Gen. Curtis E. LeMay, ex-Air Force chief, dies

October 02, 1990|By Los Angeles Times

RIVERSIDE, Calif. -- Gen. Curtis Emerson LeMay, the tough bomber general who directed the smashing of German and Japanese cities during World War II and then built the Strategic Air Command into a powerful nuclear strike force, died yesterday of a heart attack at an Air Force hospital near here. He was 83.

The four-star general relayed President Truman's orders to drop nuclear bombs on Hiroshima and Nagasaki, ending the war. He later expressed his belief that Japan could have been defeated with conventional incendiary bombs.

He had been living in Air Force Village West, a retirement community for Air Force officers. He remained in Southern California after being fired from his post-military job as board chairman of a Los Angeles electronics firm for serving as the running mate of then-segregationist George C. Wallace in the 1968 presidential campaign.

To an admiring American public during World War II, General LeMay was "Old Iron Pants."

Deciding his bombers were missing too many targets while zig-zagging to avoid heavy flak over Europe, he clamped a cigar in his jaw and personally led the next raid over Saint-Nazaire, holding his plane on a straight course for seven perilous minutes. The next day he issued orders that there would be "no more evasive action on the final bombing run."

But his hero image began to fade somewhat during ensuing years as he continued to talk like a combat man, observing that most Americans had a "phobia" about nuclear weapons (which he referred to as "just another weapon in the arsenal"). He once suggested that North Vietnam be bombed "back into the Stone Age."

Controversy surrounded him in the early 1960s when, as Air Force chief of staff, he feuded with then-Secretary of Defense Robert S. McNamara over the latter's push to cut back the number of manned aircraft in favor of more intercontinental ballistic missiles.

It intensified when General LeMay saw fit to be Mr. Wallace's running mate, attracting demonstrators who chanted, "Bombs away with Curtis LeMay!" He caused some embarrassment for Governor Wallace by saying he would use nuclear weapons, "if I found it necessary."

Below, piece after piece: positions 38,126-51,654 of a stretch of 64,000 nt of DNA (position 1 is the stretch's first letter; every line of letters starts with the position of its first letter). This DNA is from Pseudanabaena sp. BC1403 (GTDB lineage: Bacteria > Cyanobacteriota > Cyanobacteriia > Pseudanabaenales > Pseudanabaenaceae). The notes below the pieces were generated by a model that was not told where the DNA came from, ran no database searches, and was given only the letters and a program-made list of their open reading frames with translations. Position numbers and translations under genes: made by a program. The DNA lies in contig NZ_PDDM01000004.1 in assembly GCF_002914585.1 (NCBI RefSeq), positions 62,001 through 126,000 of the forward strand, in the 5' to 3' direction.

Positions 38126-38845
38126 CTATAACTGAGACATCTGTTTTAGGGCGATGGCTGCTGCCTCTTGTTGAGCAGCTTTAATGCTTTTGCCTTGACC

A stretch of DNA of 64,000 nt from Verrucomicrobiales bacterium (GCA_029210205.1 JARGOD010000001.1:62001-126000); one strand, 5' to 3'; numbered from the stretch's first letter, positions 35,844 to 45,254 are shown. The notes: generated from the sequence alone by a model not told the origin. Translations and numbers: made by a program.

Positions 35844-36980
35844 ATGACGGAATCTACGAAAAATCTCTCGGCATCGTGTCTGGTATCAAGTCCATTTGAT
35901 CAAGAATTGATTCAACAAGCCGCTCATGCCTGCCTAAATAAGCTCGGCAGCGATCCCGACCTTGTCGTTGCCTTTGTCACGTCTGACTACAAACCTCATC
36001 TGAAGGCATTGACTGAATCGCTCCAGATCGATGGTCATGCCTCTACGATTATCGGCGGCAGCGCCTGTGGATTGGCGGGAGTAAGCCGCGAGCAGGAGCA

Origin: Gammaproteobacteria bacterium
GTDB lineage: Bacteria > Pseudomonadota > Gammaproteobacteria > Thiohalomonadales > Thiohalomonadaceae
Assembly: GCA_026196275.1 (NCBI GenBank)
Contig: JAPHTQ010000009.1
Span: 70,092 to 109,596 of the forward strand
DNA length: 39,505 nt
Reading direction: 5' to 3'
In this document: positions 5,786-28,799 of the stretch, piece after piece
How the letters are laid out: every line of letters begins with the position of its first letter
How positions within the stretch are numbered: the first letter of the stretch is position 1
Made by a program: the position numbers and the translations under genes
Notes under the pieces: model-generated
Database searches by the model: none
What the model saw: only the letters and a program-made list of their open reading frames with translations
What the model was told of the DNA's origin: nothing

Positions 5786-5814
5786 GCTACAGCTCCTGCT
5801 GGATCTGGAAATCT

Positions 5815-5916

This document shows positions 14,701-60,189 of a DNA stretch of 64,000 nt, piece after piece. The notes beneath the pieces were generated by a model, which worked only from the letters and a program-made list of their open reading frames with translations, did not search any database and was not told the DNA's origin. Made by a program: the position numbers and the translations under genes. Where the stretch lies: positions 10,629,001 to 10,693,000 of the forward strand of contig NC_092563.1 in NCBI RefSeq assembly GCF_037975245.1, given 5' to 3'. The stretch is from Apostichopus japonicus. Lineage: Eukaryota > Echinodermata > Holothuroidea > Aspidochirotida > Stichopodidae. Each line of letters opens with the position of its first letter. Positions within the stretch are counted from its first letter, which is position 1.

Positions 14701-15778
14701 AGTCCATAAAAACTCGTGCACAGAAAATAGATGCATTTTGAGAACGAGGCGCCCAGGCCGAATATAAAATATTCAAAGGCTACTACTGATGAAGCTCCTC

In peacetime he did not express regrets for his wartime decisions. "I have indeed bombed a number of specific targets," he conceded in the foreword of the 1965 book, "Mission with LeMay," which he wrote with novelist and fellow World War II flier MacKinley Kantor. "They were military targets on which the attack was, in my opinion, justified morally. I've tried to stay away from hospitals, prison camps, orphan asylums, nunneries and dog kennels. I have sought to slaughter as few civilians as possible."

Off-duty, he was an enthusiastic ham radio operator, gun collector and big-game hunter.

Born in Columbus, Ohio, the eldest of six children of an itinerant ironworker, he ached to go to West Point but did not get appointed by his congressman. He enrolled at Ohio State University as an engineering student, joined the Reserve Officer Training Corps and paid his way through college working in a foundry and at other jobs.

Soon after World War II began he was a colonel in command of the 305th Bombardment Group, which he took to England in the autumn of 1942. He flew five combat missions over Europe, winning the Air Medal and the Silver Star. For his heroism in leading that attack on Germany's principal Messerschmitt plant at Regensburg, he was awarded the Distinguished Service Cross.

Promoted to brigadier general and then major general, he was commander of the 3rd Bombardment Division through mid-1944, then was sent to the China-Burma-India Theater to head the 20th Bomber Command.

When the Air Force became an independent service in 1947, he was assigned to command U.S. forces in Europe, where he headed the 1948 Berlin Airlift to break the Soviet blockade.

In October 1948, he took over the Strategic Air Command, finding it to be made up of weary fliers left over from World War II. He set up headquarters in Omaha, Neb., and built SAC into a proud, energetic outfit that kept nuclear-armed intercontinental bombers in the air around the world at all hours of the day and night.

In 1961, President Kennedy named him Air Force chief of staff.

Married in 1934, he had one daughter.

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